Sarah might have lost her employment at Kinnersley and, with no means of supporting herself, had no choice but to apply to the Relieving Officer for the Wellington Union for admission to the workhouse, wherein she fell ill and died (Wellington and Kinnersley were two of the 11 parishes which made up the Union). Alternatively, Sarah may have succumbed to illness or debility for which she needed treatment; again, given her situation, the workhouse was probably her only option. Whatever the circumstances in which Sarah entered that institution, when she left it she almost certainly did so in the most basic of coffins, for a pauper’s funeral in a communal grave.

It seems likely that until she was finally laid to rest, Sarah Atcherley was regularly on the move, from one job to another and one parish to another. Census records only enable us to check on Sarah’s whereabouts on one day in every ten years, so we can only guess how many other Shropshire settlements Sarah lived in besides those we know about (shown on the map below).

What a contrast between the census records for Sarah and for her brother John Atcherley. While Sarah can be found in four different places on the four censuses which took place during her lifetime from 1841, for John the 1841 census is the first and last on which he appeared. Unlike Sarah, he had remained in the parish of Waters Upton, the parish in which he was most likely brought up, though possibly not the place where he was born.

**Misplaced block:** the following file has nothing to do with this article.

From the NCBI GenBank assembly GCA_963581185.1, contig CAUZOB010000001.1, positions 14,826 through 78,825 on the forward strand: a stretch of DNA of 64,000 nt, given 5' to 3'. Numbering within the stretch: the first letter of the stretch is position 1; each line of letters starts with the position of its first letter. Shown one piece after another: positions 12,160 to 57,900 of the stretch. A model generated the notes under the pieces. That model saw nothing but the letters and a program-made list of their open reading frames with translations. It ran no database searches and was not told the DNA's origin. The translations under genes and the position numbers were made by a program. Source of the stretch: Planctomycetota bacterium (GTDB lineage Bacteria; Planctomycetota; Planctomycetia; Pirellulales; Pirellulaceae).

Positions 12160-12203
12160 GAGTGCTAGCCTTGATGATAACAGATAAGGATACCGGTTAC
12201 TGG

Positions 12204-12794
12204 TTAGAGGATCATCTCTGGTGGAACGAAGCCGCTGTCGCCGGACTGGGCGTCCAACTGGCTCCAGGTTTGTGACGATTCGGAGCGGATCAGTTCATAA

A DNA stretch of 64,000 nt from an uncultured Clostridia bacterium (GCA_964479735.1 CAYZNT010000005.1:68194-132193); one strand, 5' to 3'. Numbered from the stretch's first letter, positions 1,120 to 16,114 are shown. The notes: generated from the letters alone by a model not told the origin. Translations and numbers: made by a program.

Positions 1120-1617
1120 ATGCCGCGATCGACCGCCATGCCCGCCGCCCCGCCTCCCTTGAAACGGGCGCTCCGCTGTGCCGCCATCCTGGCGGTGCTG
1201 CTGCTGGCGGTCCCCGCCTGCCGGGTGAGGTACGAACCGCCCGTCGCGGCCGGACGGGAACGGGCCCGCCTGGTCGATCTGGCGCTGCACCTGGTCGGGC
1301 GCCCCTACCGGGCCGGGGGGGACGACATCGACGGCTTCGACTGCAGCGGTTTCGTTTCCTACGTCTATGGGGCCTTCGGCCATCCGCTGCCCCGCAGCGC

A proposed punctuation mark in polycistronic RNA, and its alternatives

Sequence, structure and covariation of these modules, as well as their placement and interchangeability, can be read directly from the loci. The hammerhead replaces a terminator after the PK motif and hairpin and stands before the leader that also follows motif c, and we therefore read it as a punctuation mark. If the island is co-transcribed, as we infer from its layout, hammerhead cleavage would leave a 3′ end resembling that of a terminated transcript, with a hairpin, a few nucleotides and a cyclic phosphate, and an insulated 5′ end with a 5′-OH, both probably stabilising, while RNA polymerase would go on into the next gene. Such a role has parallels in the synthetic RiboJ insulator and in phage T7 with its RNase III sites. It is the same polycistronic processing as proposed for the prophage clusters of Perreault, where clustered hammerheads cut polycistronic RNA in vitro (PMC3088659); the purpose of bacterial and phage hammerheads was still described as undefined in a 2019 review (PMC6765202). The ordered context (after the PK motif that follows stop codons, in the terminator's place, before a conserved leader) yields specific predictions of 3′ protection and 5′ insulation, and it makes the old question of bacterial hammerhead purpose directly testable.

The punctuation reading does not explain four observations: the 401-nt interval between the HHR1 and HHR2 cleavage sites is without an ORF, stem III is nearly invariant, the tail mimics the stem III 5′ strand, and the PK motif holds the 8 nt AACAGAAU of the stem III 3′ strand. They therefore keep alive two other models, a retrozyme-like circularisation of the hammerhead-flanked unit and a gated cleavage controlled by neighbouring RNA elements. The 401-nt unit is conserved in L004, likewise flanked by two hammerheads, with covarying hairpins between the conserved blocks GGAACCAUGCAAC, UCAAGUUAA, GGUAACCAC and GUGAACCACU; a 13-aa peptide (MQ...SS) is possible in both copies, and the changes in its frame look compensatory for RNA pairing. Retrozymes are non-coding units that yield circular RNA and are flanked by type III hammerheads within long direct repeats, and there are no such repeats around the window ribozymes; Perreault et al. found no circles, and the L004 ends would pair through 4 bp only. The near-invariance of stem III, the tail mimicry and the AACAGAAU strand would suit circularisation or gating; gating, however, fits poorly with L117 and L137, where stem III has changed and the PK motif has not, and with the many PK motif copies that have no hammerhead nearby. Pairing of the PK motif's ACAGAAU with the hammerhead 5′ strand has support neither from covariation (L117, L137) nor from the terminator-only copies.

John was baptised on 29 April 1810 at Priors Lee, a chapelry within the parish of Shifnal. The registers of Priors Lee were kept with those of the mother church, and the baptismal entry for John states that he was “born Apl. 5”. The abode of John’s family is not noted, leaving us to assume that they were at that time living in Priors Lee or close by, but that is not certain. Personally, I think it would have been odd for John to have been born there, when all of his siblings came into the world at Waters Upton – odd, but by no means impossible.

The 1841 census confirms that John was born in Shropshire. His age, like that of his sister, was recorded as being 25, whereas in truth he was rather older (31 to be precise). And we have an occupation for him: John Atcherley was a tailor. I imagine he made and repaired clothes for his fellow villagers.

I have searched for John on later censuses without success. Recently, I expanded my Waters Upton One Place Study and pored over the census schedules covering that parish from 1841 to 1911 to create abstracts. Still no sign of John after 1841. There is however some evidence to suggest that John remained in Waters Upton, or at the very least returned there for a while. He may have managed to evade the census enumerator, but did he escape service as a juror when a Coroner’s Inquisition was held at Waters Upton in the first quarter of 1865?